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MLB announces health and safety protocols for upcoming season

Unfortunately, some of the silly rules from 2020 remain.

Colorado Rockies v San Francisco Giants Photo by Daniel Shirey/Getty Images

Another MLB season is about to get started. The San Francisco Giants pitchers and catchers will report on Feb. 17, at which point it will truly feel like a new, non-60 game season is underway.

Unfortunately for baseball fans who like ... umm ... well ... baseball ... some of the odd rules that were added for 2020 are remaining in 2021. Most notably, doubleheaders will once again be only seven innings long, and all extra innings will begin with a runner on second base.

Can you feel my smile through the computer screen, he asks while the keys of his keyboard fly off due to the rage with which he is typing.

This comes via an official MLB release, which also notes that roster sizes will be 26 players, and expand to 28 in September. Taxi squads of up to five players will be allowed.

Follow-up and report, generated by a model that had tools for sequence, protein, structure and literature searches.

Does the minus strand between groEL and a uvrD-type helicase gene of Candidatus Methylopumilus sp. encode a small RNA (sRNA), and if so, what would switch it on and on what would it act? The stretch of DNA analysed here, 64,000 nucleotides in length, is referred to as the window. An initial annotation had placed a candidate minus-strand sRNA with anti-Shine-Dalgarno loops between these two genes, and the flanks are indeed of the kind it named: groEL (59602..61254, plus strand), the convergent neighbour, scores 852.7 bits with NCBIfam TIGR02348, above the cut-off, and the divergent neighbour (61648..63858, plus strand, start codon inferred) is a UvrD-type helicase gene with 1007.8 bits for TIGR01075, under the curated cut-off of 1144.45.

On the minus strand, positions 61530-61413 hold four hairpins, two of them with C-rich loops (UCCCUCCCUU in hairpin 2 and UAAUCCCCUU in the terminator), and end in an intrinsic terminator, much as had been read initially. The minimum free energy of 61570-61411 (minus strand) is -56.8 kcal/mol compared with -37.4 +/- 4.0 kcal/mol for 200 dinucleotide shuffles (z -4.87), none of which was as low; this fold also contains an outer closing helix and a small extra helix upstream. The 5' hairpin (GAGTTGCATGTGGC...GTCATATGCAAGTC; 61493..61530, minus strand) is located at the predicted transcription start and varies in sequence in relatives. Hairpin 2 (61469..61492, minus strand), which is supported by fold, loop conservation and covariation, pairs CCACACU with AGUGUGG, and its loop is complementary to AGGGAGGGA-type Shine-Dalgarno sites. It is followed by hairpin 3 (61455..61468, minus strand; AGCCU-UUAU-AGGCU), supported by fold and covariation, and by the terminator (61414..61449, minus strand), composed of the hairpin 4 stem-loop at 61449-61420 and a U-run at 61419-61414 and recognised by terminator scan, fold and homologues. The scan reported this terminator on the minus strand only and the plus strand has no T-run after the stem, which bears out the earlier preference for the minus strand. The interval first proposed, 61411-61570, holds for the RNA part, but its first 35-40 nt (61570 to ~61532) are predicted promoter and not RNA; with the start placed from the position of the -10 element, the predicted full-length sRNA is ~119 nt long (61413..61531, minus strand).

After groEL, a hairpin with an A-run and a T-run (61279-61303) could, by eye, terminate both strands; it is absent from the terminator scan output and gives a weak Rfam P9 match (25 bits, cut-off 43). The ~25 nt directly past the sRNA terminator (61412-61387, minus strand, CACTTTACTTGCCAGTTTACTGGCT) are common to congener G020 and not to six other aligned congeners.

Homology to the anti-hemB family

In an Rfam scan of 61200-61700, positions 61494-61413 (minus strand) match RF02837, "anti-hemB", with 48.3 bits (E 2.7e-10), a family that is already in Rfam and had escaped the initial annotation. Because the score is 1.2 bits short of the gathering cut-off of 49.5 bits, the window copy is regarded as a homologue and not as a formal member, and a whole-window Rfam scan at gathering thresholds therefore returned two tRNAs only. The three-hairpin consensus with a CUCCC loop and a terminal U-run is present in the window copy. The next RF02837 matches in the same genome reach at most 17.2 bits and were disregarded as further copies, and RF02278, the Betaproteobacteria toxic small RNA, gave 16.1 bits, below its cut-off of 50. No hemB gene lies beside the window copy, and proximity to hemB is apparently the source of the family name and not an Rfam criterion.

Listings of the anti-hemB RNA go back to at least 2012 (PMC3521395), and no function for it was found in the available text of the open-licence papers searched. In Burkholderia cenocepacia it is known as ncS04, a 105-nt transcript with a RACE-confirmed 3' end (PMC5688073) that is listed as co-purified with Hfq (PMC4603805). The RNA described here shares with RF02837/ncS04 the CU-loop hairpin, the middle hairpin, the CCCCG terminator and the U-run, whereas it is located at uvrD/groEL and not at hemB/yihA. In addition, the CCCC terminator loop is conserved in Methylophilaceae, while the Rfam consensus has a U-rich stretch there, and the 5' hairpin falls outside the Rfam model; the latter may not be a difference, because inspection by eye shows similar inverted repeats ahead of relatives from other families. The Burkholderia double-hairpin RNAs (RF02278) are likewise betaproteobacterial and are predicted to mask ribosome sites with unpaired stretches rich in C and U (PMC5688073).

While there are no new on-field rules for 2021, there are some additions to the health and safety protocol, including:

  • Players will have to quarantine at home for five days prior to reporting to Spring Training.
  • Expanded access to voluntarily testing for family members and housemates.
  • Expanded mental health and well-being resources.
  • A new Code of Conduct that prohibits certain activities, including attending indoor restaurants, attending entertainment venues, attending indoor gatherings of 10 or more people, leaving the team hotel for reasons other than team activities, and gathering on the road with people who aren’t a member of the team’s traveling party.
  • Players must wear contact tracing devices at all times when traveling, at the facilities, or partaking in team activities, and teams must designate a contact tracing officer and contact tracing working group.
  • Players and coaches must properly wear face coverings at all times when in the dugout or at the facilities, except when playing.

There’s not yet a decision on the universal designated hitter, which the players want but the owners are pushing against. Hopefully it stays away, but even if it does, baseball sure has some weird rules for 2021.